For example, in all three states, the programs are means-tested, and in all three cases the scholarship amounts are slightly less than half of the per-pupil revenue received by traditional public schools in these states. In Florida and Indiana, parents can make up the difference between scholarship amounts and tuition, whereas participating private schools in Louisiana must accept the voucher as full payment. Florida and Indiana’s participating private schools can hold scholarship students to the same academic admissions requirements they employ for non-scholarship students, while participating schools in Louisiana cannot employ academic admissions standards to scholarship students.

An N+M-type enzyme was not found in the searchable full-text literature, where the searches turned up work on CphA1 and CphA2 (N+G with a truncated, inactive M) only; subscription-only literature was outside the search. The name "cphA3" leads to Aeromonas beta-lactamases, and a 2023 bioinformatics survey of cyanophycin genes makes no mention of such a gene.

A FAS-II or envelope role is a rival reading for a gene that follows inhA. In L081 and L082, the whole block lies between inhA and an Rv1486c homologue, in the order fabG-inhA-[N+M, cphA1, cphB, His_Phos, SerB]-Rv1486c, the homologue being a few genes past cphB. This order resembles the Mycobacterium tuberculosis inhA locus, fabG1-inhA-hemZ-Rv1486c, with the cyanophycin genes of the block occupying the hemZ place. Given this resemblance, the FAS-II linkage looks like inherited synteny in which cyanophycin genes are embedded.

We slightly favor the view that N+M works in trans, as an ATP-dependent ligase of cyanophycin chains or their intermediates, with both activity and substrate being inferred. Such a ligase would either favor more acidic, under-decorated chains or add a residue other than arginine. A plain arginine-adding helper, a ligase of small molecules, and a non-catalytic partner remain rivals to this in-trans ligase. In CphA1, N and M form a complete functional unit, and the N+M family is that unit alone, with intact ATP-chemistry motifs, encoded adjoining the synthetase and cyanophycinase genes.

Our goal was to determine how private schools perceive their role in school choice environments, what elements of choice programs they are enthusiastic about, and which aspects cause them concern.
Nearly 1,000 school leaders participated in our survey. Our goal was to determine how private schools perceive their role in school choice environments, what elements of choice programs they are enthusiastic about, and which aspects cause them concern. Our survey reveals a number of important themes that policymakers should consider when designing choice programs.
School leaders identify the opportunity to serve more disadvantaged students as a primary reason for participation. They also view participation as a way to provide an alternative curriculum to nearby public schools. At the same time, school leaders tend to be less satisfied with the academic preparation of choice students and the involvement of their parents compared to the nonchoice students and parents at their schools. These results were especially pronounced in Indiana and Louisiana.